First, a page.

Former Loyola high school principal Paul Donovan, left, and Catholic parent John Zucchi, were involved in the seven-year battle to ensure that teachers could teach the ethics and religious culture course from the faith perspective rather than the secular way as required by the Quebec education policy. Left photo by Michael Swan, right photo by Deborah Gyapong

Loyola’s victory

  • March 26, 2015

Much is being made — and deservedly so — of Loyola High School’s victory on behalf of religious freedom. The Jesuit-run Montreal school deserves praise for sticking it out through a seven-year court slog that has made Canada a better place for people of all religions.

But winning an important Supreme Court battle is only one part of the story. What the Loyola case demonstrates is the importance for Catholics, indeed for people of all religions, to persistently and publicly assert their religious rights. Those rights are enshrined in the Charter of Rights and Freedoms but, as the saying goes, use ‘em or lose ‘em.

Loyola is the immediate beneficiary of a Supreme Court decision that allows the school to teach portions of Quebec’s secular Ethics and Religious Culture program from a Catholic perspective. But this was not only a victory for the Jesuit school. It was a win for everyone who supports a definition of religious freedom that includes the right to infuse religion in their day-to-day lives.  

It was an impressive court victory that not only establishes a legal precedent, but serves as a lesson for all religious communities on the responsibility to assert their rights. A person’s religion is an integral element of their identity. That is why religious and conscience rights are protected in the Charter. When a person is marginalized for religious reasons the individual’s rightful place in society is diminished.

Yet the trend in secular societies is to do just that, to discredit the place of religion in schools, workplaces and other institutions. That movement will succeed unless it is adamantly opposed in judicial, political and community arenas. The Loyola case showed how it can be done.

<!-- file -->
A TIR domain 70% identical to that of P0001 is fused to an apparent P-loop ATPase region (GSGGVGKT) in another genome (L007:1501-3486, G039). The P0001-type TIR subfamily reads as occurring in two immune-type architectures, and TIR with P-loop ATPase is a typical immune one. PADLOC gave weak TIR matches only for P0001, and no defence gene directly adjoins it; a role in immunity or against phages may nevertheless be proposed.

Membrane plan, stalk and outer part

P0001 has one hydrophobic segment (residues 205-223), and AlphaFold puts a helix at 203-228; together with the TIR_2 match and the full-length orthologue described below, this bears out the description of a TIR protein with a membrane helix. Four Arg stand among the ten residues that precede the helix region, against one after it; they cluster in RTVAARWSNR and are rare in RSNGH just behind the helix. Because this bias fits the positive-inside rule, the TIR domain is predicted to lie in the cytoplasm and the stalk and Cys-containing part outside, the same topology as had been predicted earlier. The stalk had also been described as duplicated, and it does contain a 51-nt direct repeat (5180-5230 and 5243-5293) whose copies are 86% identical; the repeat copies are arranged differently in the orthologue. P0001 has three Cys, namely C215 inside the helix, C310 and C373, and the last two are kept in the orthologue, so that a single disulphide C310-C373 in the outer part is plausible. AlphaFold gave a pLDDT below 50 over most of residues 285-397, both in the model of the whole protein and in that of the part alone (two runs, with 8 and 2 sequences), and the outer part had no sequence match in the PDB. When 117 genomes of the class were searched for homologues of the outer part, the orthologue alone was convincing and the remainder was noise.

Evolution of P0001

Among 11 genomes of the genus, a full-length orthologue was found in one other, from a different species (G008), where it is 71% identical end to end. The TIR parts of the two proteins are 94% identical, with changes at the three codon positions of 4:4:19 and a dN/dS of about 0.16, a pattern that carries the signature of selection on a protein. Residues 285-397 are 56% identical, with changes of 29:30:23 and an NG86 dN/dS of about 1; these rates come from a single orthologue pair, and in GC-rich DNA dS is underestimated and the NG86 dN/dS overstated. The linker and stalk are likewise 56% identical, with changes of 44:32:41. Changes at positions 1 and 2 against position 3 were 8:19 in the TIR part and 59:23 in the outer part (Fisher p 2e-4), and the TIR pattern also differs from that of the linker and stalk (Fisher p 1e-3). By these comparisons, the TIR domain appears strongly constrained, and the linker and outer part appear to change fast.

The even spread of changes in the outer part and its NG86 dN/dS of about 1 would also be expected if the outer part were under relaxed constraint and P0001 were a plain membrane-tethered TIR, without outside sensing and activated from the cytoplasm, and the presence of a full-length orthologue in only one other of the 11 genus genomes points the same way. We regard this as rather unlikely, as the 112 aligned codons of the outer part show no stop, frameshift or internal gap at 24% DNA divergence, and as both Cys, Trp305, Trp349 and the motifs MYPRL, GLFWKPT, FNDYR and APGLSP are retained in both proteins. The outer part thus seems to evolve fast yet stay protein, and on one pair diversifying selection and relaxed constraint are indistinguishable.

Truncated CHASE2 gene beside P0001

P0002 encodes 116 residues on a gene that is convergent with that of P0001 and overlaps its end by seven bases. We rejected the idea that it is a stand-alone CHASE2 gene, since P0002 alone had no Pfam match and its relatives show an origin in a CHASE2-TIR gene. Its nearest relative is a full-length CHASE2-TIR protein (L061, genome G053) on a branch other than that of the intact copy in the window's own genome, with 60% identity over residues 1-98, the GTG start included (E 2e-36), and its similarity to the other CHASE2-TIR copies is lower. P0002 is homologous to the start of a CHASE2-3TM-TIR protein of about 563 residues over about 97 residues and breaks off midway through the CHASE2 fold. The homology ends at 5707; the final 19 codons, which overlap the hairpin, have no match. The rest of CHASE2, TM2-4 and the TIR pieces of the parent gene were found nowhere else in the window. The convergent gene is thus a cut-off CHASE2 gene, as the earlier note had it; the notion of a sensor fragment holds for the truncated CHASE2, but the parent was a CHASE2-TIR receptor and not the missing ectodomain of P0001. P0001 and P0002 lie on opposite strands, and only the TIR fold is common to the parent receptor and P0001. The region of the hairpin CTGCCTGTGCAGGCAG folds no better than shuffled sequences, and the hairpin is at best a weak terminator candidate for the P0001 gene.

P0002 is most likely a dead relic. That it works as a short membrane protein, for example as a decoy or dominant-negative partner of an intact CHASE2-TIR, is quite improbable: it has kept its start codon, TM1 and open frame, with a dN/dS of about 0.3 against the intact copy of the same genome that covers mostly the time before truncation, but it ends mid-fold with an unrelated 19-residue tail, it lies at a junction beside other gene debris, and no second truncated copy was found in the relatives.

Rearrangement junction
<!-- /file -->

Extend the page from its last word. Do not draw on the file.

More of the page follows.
It was a long fight. But in the end the Supreme Court was persuaded that Quebec’s brand of secularism, which sought to stifle religion even in a private Catholic school, has no place in a culturally and religiously diverse society. The court said that secularism doesn’t mean the absence of religion but “seeks to protect it as a key element of pluralism.”

Our only disappointment is that the ruling failed to go farther. It granted Loyola the right to bring a Catholic perspective to its religious studies, but failed to grant a broader freedom to apply Catholic teaching to other religious and moral situations. For example, said one judge, it is “inconceivable” that a Catholic teacher should be neutral during a classroom discussion on premarital sex. Yet that is exactly what is required in Quebec and is still supported by this ruling.

But in a broader context, the Supreme Court came down strongly on the side of religious freedom. The court’s decision offers a valuable lesson on what can be accomplished when determined people assert their rights.

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